Civilians are at risk in Raqqa from both air and ground attack. Library image: US Marines fire a Howitzer in northern Syria on March 24th 2017 in support of Coalition operations (Via USMC/ Cpl. Zachery C. Laning)

Civilians face conflicting instructions as Coalition and SDF assault Raqqa

Written by Samuel Oakford on June 9, 2017


As many as 100,000 civilians trapped inside the Islamic State-held city of Raqqa are being given conflicting evacuation instructions according to Coalition statements and local reports, as US-backed ground forces finally assault the city supported by air and artillery strikes.

Kurdish-dominated Syrian Democratic Forces (SDF) started their slow encirclement of Raqqa last November. Artillery and airstrikes have rained down since then killing hundreds of civilians in the near region according to monitors, though the final operation to take the city commenced officially only on June 6th. In a press release published that day, the Coalition stressed that “The SDF have encouraged civilians to depart Raqqah so that they do not become trapped, used as human shields or become targets for ISIS snipers.”

A Coalition spokesperson elaborated that the SDF “have communicated with the citizens of Raqqah through several means, to include leaflets dropped by Coalition aircraft, urging them to evacuate the city if it is safe to do so.”

On May 28th, the monitoring group Raqqa is Being Slaughtered Silently (RBSS) uploaded to social media two such leaflets it said had been dropped over the city. One told residents to use the document as they sought refuge with SDF soldiers. Leaving ISIL-held areas is not without risk, with militants routinely documented firing upon and killing men, women and children attempting to flee.

Another leaflet reportedly dropped by the Coalition instructed civilians to hide the paper and – without telling anyone they were leaving – to approach an SDF soldier with a strip of something white. “This is your last chance,” said the leaflet, translated by an Airwars researcher. “Failing to leave might lead to death. Raqqa will fall, don’t be there at that time.”

The Coalition initially dropped leaflets telling people in Raqqa to flee the ISIL-occupied city – only to reverse its decision days later. This leaflet was reportedly dropped on the city. (Via Raqqa Is Being Slaughtered Silently)

Reversed decision

However only a day after the Coalition’s announcement, officials informed Airwars on June 7th that ground forces had reversed tactics and no longer wanted civilians to leave. “Since transitioning to offensive in Raqqah yesterday, SDF is now encouraging civilians to stay in their homes, shelter in place, and avoid ISIS fighting positions,” said spokesperson Colonel Joseph Scrocca. Earlier efforts, he stressed, had “helped evacuate more than 200,000 civilians from Raqqah.”

“However, as the SDF enters the city, they do not want civilians placed in harm’s way by the fighting so they have asked them to remain indoors and away from ISIS positions,” said Scrocca. The SDF, he added, “are using a variety of technical and non-technical means such as leaflets, radio broadcasts and internet messages.”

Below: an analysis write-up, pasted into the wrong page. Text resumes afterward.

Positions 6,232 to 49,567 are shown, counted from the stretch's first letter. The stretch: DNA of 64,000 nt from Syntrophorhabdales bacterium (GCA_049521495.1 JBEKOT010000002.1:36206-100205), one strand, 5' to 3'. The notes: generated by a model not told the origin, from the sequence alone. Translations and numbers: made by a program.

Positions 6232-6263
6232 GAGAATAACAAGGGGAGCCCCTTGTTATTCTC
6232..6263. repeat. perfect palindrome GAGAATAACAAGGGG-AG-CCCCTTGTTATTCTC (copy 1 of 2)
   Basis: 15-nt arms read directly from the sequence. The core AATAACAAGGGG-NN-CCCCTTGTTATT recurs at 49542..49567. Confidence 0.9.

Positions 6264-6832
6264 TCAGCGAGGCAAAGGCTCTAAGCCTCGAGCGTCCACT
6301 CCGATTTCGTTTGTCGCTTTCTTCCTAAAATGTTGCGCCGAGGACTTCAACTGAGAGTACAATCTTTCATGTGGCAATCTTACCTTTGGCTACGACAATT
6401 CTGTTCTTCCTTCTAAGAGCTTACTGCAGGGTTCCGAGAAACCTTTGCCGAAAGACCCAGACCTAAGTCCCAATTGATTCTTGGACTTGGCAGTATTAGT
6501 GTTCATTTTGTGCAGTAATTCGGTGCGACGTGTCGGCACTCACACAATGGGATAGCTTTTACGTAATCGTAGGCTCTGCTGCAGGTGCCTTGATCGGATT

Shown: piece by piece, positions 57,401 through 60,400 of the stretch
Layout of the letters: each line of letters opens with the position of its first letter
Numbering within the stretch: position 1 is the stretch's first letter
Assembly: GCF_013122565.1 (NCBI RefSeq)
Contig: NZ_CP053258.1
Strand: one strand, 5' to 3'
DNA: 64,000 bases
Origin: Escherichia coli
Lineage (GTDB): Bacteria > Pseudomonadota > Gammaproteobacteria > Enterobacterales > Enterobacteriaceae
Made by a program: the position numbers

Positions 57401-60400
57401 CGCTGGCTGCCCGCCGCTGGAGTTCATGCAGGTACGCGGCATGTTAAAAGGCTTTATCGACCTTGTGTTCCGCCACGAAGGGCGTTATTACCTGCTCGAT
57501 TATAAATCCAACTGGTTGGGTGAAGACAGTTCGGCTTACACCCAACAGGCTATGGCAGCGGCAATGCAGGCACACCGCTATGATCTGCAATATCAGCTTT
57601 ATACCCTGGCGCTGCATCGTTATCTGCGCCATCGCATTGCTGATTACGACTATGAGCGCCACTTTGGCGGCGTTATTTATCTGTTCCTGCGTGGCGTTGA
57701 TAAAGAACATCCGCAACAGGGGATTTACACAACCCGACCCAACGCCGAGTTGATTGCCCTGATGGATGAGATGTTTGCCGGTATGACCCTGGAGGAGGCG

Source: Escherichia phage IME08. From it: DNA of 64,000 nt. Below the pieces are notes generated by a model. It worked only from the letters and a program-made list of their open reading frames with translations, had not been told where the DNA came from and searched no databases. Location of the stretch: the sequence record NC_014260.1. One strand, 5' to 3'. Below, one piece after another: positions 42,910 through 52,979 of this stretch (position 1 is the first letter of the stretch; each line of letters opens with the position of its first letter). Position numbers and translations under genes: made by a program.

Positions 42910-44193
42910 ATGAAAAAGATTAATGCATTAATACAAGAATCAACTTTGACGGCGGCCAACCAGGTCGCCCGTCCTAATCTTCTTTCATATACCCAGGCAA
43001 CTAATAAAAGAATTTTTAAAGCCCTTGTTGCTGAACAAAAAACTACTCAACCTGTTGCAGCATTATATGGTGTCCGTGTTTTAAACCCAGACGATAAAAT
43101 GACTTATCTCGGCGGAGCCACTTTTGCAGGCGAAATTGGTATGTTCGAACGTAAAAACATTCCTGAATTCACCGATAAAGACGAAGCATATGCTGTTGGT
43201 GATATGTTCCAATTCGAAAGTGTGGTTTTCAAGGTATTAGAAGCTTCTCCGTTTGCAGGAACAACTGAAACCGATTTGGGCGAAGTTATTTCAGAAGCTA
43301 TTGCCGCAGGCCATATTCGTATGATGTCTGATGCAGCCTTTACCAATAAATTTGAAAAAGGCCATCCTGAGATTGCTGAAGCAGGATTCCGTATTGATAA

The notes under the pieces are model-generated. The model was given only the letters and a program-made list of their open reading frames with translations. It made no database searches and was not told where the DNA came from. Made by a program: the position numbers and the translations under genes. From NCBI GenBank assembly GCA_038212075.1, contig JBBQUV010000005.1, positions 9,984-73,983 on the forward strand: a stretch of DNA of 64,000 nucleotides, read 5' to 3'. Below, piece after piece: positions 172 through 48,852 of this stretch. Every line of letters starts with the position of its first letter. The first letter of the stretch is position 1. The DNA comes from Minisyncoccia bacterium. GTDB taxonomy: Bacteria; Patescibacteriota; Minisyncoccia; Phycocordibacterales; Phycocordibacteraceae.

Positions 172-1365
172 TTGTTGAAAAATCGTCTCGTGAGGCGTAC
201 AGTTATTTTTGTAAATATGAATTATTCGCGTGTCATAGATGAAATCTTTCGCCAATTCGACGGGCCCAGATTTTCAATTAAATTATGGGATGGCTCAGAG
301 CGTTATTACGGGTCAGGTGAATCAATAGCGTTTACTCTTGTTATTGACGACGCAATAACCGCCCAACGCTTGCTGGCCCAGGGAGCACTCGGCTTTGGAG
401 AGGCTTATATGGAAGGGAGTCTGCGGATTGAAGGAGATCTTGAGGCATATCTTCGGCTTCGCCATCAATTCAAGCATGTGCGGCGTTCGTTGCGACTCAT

Airwars reached out to local monitor Raqqa is Being Silently Slaughtered, which said it was unaware of the new posture and stated that residents were still under the impression that they were best off leaving.

“They dropped these papers and told the people who want to flee to take them and go to SDF areas,” said a member of the group who spoke to Airwars via the organization’s Facebook account. “If they want them to stay, then why did they drop papers and tell them to leave?”

SDF spokesperson Jesper Soder claimed that the leaflets posted by RBSS were not genuine, though he largely conceded that residents had received mixed-messages.

“We have told the ones closest to our positions to try to flee towards us,” said Soder. “And the ones that are far away to stay inside and hide inside. Also flyers have been dropped in Raqqa telling civilians to hide or seek refuge at our positions.”

It was unclear however exactly how the SDF was able to differentiate populations in the city.

“If the Coalition is going to issue directions to civilians, they should be coordinated and consistent,” said Marla Keenan, senior director of programs for the Center for Civilians in Conflict (CIVIC). “Conflicting instructions create even more confusion on the ground in an already confusing and dangerous situation for civilians.”

Airwars has been tracking high civilian casualties in Syria – predominantly around Raqqa – for some months.

It remains unclear exactly how many civilians are still inside Raqqa. Jens Laerke, spokesperson for the UN’s humanitarian agency OCHA, told Airwars that reports indicated some 95,000 people had fled the city, but that between 50,000 and 100,000 civilians remained. The Coalition estimates that roughly 2,500 fighters are lodged among them.

ISIL has systematically put civilians in danger, and the Coalition has repeatedly highlighted the terror movement’s use of non-combatants as human shields in Mosul – a tactic the alliance says could be repeated in Raqqa. Human rights officials caution that the dropping of leaflets and dissemination of other warnings does not change the legal responsibility of the Coalition and SDF to protect civilians caught up in the fighting.